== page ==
[Note: Parts I and II appear below]
A gray mist obscures the woods, and the trees encircling our property appear arrow-straight and somber as mourners at a funeral. My view from the bathroom window takes in the full breadth of the yard, from the swamp to the stone walls bordering the abandoned road. It is open and coldly bare. A lone chickadee hops onto the shed roof from the protective boughs of a hemlock. Her head swivels, inquisitive, confused. Too exposed! She retreats to the safety of the hemlock.
Cut flush with the farthest peak of the roof is the stump of the apple, her sawdust strewn like bird seed on the asphalt shingles. Clearly she was gone long before Chris came to take her. Only the merest ring of bark circles the dark tunnel rotted to her core. Chris reported that his co-worker was so anxious about the extent of the rot that he refused to climb her. We’re lucky she was able to hold her limbs steady above our house through last week’s high winds.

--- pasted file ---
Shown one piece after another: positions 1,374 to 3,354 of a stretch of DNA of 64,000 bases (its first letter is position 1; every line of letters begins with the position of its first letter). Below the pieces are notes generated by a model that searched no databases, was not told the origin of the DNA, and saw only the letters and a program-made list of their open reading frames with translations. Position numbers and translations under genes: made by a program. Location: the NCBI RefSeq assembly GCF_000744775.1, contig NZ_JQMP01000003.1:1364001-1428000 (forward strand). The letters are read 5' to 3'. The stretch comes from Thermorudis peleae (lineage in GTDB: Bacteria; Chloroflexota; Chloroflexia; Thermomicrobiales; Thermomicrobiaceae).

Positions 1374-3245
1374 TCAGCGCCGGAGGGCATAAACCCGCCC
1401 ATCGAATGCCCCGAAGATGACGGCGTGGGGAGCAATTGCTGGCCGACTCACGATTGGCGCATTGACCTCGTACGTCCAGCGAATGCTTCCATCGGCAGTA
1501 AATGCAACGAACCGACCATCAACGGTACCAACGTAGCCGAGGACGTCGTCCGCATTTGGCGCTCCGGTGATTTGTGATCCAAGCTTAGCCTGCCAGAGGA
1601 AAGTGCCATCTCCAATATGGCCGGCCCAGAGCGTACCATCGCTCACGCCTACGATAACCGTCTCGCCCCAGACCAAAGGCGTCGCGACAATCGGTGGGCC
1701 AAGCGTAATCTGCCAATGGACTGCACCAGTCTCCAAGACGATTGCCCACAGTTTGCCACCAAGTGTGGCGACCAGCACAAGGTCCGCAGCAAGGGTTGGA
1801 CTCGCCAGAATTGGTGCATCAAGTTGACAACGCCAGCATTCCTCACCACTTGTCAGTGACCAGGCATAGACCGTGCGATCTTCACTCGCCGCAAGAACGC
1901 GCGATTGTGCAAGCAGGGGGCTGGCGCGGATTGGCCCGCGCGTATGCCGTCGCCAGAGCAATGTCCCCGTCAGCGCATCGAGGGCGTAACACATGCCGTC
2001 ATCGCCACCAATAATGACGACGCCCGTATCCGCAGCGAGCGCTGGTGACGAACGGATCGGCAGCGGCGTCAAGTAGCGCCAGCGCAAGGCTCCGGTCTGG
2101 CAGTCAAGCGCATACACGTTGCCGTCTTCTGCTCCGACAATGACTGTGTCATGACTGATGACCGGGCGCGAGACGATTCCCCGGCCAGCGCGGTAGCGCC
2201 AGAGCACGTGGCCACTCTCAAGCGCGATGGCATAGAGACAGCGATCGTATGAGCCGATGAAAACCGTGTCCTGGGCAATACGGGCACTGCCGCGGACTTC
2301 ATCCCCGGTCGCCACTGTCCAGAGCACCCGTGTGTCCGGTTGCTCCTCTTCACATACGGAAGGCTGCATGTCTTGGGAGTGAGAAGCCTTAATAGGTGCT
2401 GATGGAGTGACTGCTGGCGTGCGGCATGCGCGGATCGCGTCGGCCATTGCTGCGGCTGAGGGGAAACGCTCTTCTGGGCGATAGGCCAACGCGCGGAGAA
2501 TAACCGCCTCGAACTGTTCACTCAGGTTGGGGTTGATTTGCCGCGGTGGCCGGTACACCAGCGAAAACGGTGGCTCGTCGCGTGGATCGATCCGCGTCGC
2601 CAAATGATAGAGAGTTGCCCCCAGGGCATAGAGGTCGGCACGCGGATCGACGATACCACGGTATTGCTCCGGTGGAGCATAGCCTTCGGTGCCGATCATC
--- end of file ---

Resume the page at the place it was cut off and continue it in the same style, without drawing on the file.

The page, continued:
The cut was long delayed and I’d said good-bye many times, standing at the window, treasuring close-up glimpses of jays and titmice, the cocking of their heads and the fluffing of feathers with a quick pecking groom. We have loved this view into the life of our tree and her visitors.
Dave and I went out today to salvage some pieces from the brush heap of her twigs and branches; I will use some boughs as the bodies of Christmas Santas for Tucker and Casey. Our friend Phil also suggested that we use others to stoke the fireplace and when Dave smokes fish. “There’s nothing like the smell of apple wood,” he promised.
So, the apple will remain with us, lending solidity to a Santa Claus, a fresh smoky taste to Dave’s fish, and in aromatic wisps as we sit cozily by the fire. But I will miss her in the springtime when a cloud of pink blossoms bustling with busy songbirds no longer shades our window.